238th Regiment reaches milestone as an Institute of Excellence

“Best bang for the buck” prepares active duty and reserve component Soldiers for real world missions

 Story by David Altom, Kentucky National Guard Public Affairs

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“Always ready, reliable and accessible!” Military police students practice civil disturbance tactics during MOS class at the 238th Regimental Training Institute at the Wendell H. Ford Regional Training Center. The 238th RTI recently received accreditation as an Institute of Excellence, qualifying it to teach active duty and reserve component soldiers across several disciplines. (Kentucky Army National Guard photo by Sgt. 1st Class Dennis M. Anderson, 238th Regimental Training Institute)

GREENVILLE, Ky. – In a time of budget cuts, drawdowns and a post-war scramble for resources and money, a bright light of achievement shines on the Commonwealth of Kentucky.  The 238th Regimental Training Institute, once reknown as the Kentucky Military Academy, has caught the eye of the United States Army – and in a good way.

It was January of this year that the 238th RTI was designated as an “Institute of Excellence” by the Army, the culmination of a series of inspections that resulted in a 98% average, with three of five inspections with a perfect score.  This designation is the first for the 238th, covering a variety of disciplines to include field artillery, infantry, military police, officer candidates and warrant officer candidates.

What does this achievement mean for the 238th RTI and the Kentucky Army National Guard?  In short, it means greater training opportunities for the Kentucky Army Guard and a secure relationship with Big Army.

“This Institution of Excellence accreditation puts us in the top echelons of our peers,” said Col. Allen Denny, commander of the 238th RTI.  “This is important as it gives us a leg up when competing for resources, additional courses and other opportunities.”

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Students in an artillery class conducted by the 238th Regimental Training Institute at the Wendell H. Ford Regional Training Center. Cadre push to have the latest training on the technological skills so soldiers are better prepared when they hit the ground on deployment. (Kentucky Army National Guard photo by Sgt. 1st Class Dennis M. Anderson, 238th Regimental Training Institute)

“We are in an uncertain environment due to a shift in strategy, a transition from an Army at War to an Army in Preparation, and an era of fiscal uncertainty,” said Denny.  “However, this accreditation puts us in excellent position to maintain and to grow and to continue to add benefit to the Kentucky National Guard and the One Army School System.”

With 11 full-time and 54 part-time staff members on board at the 10,000 acre Wendell H. Ford Regional Training Center, the 238th RTI is not the largest such institution, which makes the accreditation all the more remarkable.  Other facilities such as Camp Shelby, Miss. and Fort Jackson, S.C. have been around for a lot longer and are considerably larger, but the 238th RTI is hot on their heels in terms of growth and quality of instruction.

Click here to read about the Kentucky Army Guard’s first ever combined officer and warrant officer graduation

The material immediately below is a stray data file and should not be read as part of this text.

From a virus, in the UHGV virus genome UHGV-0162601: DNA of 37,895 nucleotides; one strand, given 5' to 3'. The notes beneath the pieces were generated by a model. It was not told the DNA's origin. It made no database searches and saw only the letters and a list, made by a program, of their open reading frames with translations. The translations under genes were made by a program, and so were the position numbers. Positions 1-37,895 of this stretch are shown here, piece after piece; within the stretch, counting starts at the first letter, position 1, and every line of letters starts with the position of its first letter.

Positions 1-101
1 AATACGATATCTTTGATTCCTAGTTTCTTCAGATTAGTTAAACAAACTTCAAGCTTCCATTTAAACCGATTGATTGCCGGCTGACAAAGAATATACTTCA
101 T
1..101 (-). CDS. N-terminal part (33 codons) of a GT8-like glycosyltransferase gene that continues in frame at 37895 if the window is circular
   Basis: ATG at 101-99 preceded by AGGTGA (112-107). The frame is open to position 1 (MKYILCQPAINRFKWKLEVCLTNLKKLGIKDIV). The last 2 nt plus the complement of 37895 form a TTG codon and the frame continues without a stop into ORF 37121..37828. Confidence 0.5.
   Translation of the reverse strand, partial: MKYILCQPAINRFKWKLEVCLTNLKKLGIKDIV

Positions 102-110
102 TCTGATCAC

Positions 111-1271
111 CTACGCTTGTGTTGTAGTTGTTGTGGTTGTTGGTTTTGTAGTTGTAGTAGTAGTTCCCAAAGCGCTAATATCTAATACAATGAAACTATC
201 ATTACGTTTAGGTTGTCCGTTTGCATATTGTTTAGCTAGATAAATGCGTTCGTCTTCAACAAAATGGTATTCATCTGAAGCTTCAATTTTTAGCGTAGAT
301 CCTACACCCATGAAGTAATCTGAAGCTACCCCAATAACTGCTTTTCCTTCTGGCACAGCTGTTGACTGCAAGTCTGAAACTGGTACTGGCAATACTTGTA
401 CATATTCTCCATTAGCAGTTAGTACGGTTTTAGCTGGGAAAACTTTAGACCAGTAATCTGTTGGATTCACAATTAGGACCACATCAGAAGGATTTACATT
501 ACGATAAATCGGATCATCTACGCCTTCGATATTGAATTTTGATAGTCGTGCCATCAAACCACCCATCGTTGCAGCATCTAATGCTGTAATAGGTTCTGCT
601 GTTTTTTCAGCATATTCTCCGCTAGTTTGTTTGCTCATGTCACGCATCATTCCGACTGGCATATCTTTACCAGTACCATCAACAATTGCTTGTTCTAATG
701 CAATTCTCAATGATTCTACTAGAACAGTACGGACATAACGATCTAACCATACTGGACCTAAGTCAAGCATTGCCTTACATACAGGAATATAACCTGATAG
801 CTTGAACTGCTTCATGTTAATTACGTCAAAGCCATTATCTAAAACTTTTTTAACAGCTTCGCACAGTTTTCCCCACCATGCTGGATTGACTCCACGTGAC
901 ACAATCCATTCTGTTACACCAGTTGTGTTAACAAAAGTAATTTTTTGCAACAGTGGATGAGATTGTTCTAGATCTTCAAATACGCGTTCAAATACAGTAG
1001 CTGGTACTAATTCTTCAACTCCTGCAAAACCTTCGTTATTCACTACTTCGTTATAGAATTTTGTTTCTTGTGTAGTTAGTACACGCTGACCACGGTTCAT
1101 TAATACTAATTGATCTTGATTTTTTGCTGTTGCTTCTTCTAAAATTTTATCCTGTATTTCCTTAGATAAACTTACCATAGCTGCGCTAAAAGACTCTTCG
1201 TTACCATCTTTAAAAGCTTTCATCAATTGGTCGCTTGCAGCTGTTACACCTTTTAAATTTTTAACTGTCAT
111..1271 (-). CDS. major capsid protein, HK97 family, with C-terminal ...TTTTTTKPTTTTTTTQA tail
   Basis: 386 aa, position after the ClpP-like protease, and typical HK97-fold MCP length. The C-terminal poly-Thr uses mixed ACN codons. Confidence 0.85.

“This accreditation solidifies our credibility, whether it’s training Kentucky National Guardsmen or Guard members from other states,” said Lt. Col. William McDaniel, operations chief for the 238th.  “It also gives us the opportunity in certain course fields that we have to train active component Soldiers so they receive the same training value here that they would at an active duty school.”

Capt. Anthony Haley, budget analyst resource manager, wasn’t surprised that the regiment received its accreditation.  “This was something we’ve been preparing for about three years.  A lot of hard work and dedication went into preparation into getting to this point.”

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Busting down doors — Students practice tactical skills during exercises conducted by the 238th Regimental Training Institute at the Wendell H. Ford Regional Training Center. The quality of training provided by the 238th RTI is such that it’s common for students to return home and ask when the next level class is available. (Kentucky Army National Guard photo by Sgt. 1st Class Dennis M. Anderson, 238th Regimental Training Institute)

Credit where credit is due

While Haley said that the accreditation was a team effort, he pointed to two specific elements in the mission’s success:  the training staff and cadre, and the quality assurance team.

“Our quality assurance guys need to get some of the credit.  They spent a lot of time looking the documents and the standards and making sure that when the TRADOC accreditation team came that they could see and understand that we were meeting the Army standards.”

To hear everyone talk about the accreditation process, Sgt. 1st Class Kevin Estes gets much of the credit for making sure that the regiment got it’s due recognition. Regulations had to be analyzed, spreadsheets composed and binders assembled. Then it all had to be presented and explained.  As the quality assurance NCO, that was Estes’ job and he’s lauded by the staff for pulling it off with exemplary professionalism and a ton of hard work.

Estes, a true quiet professional, summed it all up in one sentence:  “It was just another day in the office.”

There’s more to it, of course.  Estes explained that while he had to look at and assess the standards, the instructors were the ones who got the job done … and done right!

Professional and credible instructors

“The regiment has always had good instructors,” he said.  “But it wasn’t always easy to show ‘what right looks like.’  We’ve always instructed very well and put out quality Soldiers.  What the accreditation standard does is make you show that you’re actually doing that, and doing it at a higher standard.”